Theodore F. di Stefano of ecommercetimes.com reminded us that running a business demands thorough and regular rounds of housekeeping. He added that businessmen must be aware of the filing and payment of a multitude taxes, regulatory forms and statements. That is really true especially in the brick-and-mortar business world where the regulation is tough. Before one starts to trade, he has to convince several officers that he is a good one. Trading in the brick-and-mortar world is considered as a privilege and not a right. Even the simple act of exchanging goods without the necessary permits is considered as harmful and evil. The smart persons already found out (but they will never admit it) that doing business is very easy online. They can easily make business or transact with other people with the least regulations possible. These young businessmen don't have to burden themselves with nonsense. However, there are minor but necessary regulations which an online businessman must know and understand.
1) Protections against Fraud
The role of ecommerce governance is to make sure that individuals don't use force against another to deprive the other of his property especially if the way of deprivation is fraudulent. That is why swindling or using false pretenses to deprive another of his property is considered criminal in many states. Experiences of the past are what make such laws necessary. Many jurisdictions in the Western European sphere and even in the United States have enacted extremely tough laws to make sure that such fraudulent acts are punished whether they were committed online or offline. A starting businessman must at least accept that there is a need to regulate so as to prevent one exerting evil means for business ends. A free website is no longer free if people are already using dangerous schemes to hemorrhage the assets of another in the online arena.
2) The Online Businessman can Shop for Jurisdictions
In the brick-and-mortar world, the contracts which the businessmen enter in are governed by either the laws in the place of execution or the laws in the place where the contractors reside. Shopping for jurisdictions is a prerogative given to the online businessman. If he believes that he can address his online business at a certain place, he can do so as long as he is willing to abide by the rules. Suppose he desires to place his "online address" in the State of Vermont because of friendlier laws. He can do so as long as there is something to gain from his exercise of choice. Moreover, there is also what you call private regulations in the internet. If he desires to join a certain hypermarket for his business, he can do so provided he is willing to abide by the rules imposed by the owners and regulators of such hypermarkets. Craigslist and Facebook.com are good examples. The online businessman has the choice to place or sell his goods at a certain social networking website provided he follows the rules - prohibitions against spamming and provisions on paid advertisements.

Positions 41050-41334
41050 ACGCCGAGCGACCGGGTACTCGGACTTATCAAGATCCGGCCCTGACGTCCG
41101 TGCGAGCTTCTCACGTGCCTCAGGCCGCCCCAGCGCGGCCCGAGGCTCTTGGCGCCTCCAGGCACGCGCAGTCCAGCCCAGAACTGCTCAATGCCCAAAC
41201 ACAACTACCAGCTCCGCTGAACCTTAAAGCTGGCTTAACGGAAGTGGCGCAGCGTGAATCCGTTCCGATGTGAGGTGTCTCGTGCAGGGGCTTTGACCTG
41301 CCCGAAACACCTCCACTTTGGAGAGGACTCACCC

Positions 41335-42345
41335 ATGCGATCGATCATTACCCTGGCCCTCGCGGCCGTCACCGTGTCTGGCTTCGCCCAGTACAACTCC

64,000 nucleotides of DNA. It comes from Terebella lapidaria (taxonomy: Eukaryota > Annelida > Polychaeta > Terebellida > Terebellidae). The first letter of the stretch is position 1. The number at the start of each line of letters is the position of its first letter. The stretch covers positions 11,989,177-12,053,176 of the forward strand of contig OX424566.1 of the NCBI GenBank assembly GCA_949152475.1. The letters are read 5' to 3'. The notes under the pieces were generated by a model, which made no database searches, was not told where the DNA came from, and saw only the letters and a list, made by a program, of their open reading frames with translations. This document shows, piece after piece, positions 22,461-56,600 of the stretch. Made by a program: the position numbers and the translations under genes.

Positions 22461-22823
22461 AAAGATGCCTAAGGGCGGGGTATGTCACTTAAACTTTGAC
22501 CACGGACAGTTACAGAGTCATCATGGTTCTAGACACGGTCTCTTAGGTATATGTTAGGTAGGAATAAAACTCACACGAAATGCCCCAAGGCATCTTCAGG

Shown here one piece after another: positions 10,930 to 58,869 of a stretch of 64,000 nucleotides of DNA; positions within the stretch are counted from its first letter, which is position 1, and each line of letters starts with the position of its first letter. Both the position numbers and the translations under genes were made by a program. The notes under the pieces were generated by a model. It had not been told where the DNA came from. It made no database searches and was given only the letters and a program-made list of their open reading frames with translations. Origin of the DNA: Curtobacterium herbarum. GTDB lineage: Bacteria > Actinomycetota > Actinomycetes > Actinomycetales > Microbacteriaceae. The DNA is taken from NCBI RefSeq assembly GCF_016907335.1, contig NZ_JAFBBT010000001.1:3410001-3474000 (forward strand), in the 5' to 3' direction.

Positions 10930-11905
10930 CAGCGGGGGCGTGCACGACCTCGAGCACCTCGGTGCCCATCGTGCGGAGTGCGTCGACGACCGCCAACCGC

3) The Internet is an Ever Growing Market
Wikipedia.org provided a good definition of the economist concept of the invisible hand. According to the contributor, it (the invisible hand) is used to describe the self-regulating nature of the marketplace. As long as the internet continues to grow, a discussion on ecommerce governance will never miss to mention the notion. It will be tested every now and then. States and governments will experiment on whether the economist's notion is still applicable online. Thus, the online businessman must always place in mind that there are two kinds of ecommerce governance. The first one is the state-sponsored governance wherein the market is regulated through the enactment of laws. The second one is the free market system wherein the private sector seeks to regulate itself for the sake of profits.